100 Days of Trust
Lucinda Secrest McDowell
The news tonight was horrific. And frightening. Seemingly hopeless.
And the news last night was the same.
In the first 100 days of this new year there were times I was tempted to feel a bit like the Old Testament prophet, Habakkuk, who cried out to God as the Babylonians were overtaking Israel:
- “Violence is everywhere!
- Must I forever see these evil deeds?
- Why must I watch all this misery?
- Wherever I look, I see destruction and violence.
- I am surrounded by people who love to argue and fight.
- The law has become paralyzed and there is no justice in the courts.
- The wicked far outnumber the righteous…” (Habakkuk 1.2-4)
What in the world was happening to them (and why does it sound so much like today?)
“The crisis internationally was serious. But of even greater concern was the national corruption. No wonder Habakkuk looked at all the corruption and asked, ‘Why doesn’t God do something? Godly men and women continue to ask similar ‘whys’ in a world of increasing international crises and corruption. Nation rises up against nation and sin abounds at home.”(J. Ron Blue)
What can we do at such times?
Habakkuk chose to trust: “Even though the fig trees have no blossoms,
and there are no grapes on the vines; even though the olive crop fails,
and the fields lie empty and barren; even though the flocks die in the fields,
and the cattle barns are empty, yet I will rejoice in the Lord!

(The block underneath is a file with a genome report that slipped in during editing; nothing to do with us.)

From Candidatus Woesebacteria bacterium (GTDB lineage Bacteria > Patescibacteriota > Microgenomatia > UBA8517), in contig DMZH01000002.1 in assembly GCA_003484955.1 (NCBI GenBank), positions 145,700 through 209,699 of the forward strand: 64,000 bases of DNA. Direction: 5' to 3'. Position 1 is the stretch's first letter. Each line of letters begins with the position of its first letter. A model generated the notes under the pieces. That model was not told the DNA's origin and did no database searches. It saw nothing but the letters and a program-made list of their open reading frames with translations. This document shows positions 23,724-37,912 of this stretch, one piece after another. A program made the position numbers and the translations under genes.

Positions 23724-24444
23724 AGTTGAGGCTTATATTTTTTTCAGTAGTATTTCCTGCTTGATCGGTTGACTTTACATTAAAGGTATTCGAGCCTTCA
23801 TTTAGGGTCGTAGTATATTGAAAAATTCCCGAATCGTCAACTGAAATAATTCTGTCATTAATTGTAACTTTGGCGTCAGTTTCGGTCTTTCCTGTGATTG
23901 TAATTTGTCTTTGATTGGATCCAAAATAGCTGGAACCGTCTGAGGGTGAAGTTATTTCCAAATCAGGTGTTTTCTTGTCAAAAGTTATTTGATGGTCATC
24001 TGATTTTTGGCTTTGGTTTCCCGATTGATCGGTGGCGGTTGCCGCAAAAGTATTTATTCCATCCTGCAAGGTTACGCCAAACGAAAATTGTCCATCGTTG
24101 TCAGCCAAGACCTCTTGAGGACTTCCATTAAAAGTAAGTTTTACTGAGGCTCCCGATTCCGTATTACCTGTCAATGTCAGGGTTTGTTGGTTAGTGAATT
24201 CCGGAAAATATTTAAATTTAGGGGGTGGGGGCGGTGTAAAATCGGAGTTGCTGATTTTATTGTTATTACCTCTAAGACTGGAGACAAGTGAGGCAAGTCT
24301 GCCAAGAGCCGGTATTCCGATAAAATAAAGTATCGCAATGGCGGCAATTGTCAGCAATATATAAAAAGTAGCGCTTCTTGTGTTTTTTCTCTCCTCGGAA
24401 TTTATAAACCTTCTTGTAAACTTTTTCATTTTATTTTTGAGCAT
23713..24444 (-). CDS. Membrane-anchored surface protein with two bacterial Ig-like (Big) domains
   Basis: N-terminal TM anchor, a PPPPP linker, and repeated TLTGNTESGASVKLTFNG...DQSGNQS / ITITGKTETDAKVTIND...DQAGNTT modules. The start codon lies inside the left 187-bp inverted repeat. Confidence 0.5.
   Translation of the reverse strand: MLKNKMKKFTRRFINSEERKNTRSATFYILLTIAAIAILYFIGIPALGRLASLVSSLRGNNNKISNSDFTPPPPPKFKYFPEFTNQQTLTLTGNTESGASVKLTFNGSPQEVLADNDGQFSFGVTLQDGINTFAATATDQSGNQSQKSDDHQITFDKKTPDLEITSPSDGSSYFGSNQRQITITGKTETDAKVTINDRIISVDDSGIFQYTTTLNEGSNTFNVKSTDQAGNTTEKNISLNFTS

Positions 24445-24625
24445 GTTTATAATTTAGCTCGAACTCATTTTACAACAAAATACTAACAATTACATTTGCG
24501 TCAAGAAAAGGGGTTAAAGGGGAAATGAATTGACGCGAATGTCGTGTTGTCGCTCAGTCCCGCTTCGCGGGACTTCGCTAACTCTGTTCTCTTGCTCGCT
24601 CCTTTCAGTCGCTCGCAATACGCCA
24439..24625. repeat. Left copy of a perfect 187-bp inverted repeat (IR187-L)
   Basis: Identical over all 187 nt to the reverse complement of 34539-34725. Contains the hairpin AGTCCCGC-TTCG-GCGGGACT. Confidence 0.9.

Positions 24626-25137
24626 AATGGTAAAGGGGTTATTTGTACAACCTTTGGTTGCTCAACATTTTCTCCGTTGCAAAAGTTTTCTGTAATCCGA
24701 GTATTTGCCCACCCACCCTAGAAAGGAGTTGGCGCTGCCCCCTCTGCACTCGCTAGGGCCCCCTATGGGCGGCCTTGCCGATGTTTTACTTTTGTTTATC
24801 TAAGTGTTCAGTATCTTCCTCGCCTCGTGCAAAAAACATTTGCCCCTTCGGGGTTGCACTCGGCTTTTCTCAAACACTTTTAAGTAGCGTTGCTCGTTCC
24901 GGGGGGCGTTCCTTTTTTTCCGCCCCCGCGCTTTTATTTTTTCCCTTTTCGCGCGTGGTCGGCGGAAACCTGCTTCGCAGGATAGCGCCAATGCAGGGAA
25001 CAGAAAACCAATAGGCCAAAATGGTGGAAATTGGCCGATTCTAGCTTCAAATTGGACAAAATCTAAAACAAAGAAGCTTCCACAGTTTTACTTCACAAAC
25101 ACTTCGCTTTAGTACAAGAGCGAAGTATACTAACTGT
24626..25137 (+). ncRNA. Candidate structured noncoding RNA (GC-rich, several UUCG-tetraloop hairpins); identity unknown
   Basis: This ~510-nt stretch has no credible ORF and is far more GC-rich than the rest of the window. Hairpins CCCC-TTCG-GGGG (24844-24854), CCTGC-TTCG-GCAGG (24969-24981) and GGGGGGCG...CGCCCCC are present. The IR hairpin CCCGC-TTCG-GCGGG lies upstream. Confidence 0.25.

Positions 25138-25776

I will be joyful in the God of my salvation!” Habakkuk 3.18 NLT
He knew how important it was to take the long view, to realize that God is sovereign. To know that God’s timing is perfect.
Even if we, too, say, “How long, O Lord, must I call for help?” (Habakkuk 1.2) Can we handle slow?
“Above all, trust in the slow work of God. We are quite naturally impatient in everything to reach the end without delay. We should like to skip the intermediate stages. We are impatient of being on the way to something unknown, something new. And yet it is the law of all progress that it is made by passing through some stages of instability – and that it may take a very long time… Give our Lord the benefit of believing that his hand is leading you.” (Pierre Teilhard De Chardin)
Habakkuk looked around and all he saw was emptiness – no fruit, no animals, no wheat. But he knew God.
And so he chose to trust, praying, “I have heard all about you, Lord. I am filled with awe by your amazing works. In this time of our deep need, help us again as you did in years gone by. And in your anger, remember your mercy.” (Habakkuk 3.2)
At first I thought that I would just fast from the evening news. But, alas, curiosity and concern caused me to realize that I have to live in reality. For one thing, news headlines make a prayer list all by themselves. For another, I am called to shine my light – however tiny – into the darkness.
As I make my own list of ‘though…yet’ I shall trust in the slow work of God. Will you join me?
under the mercy, Cindy
©2017 Lucinda Secrest McDowell
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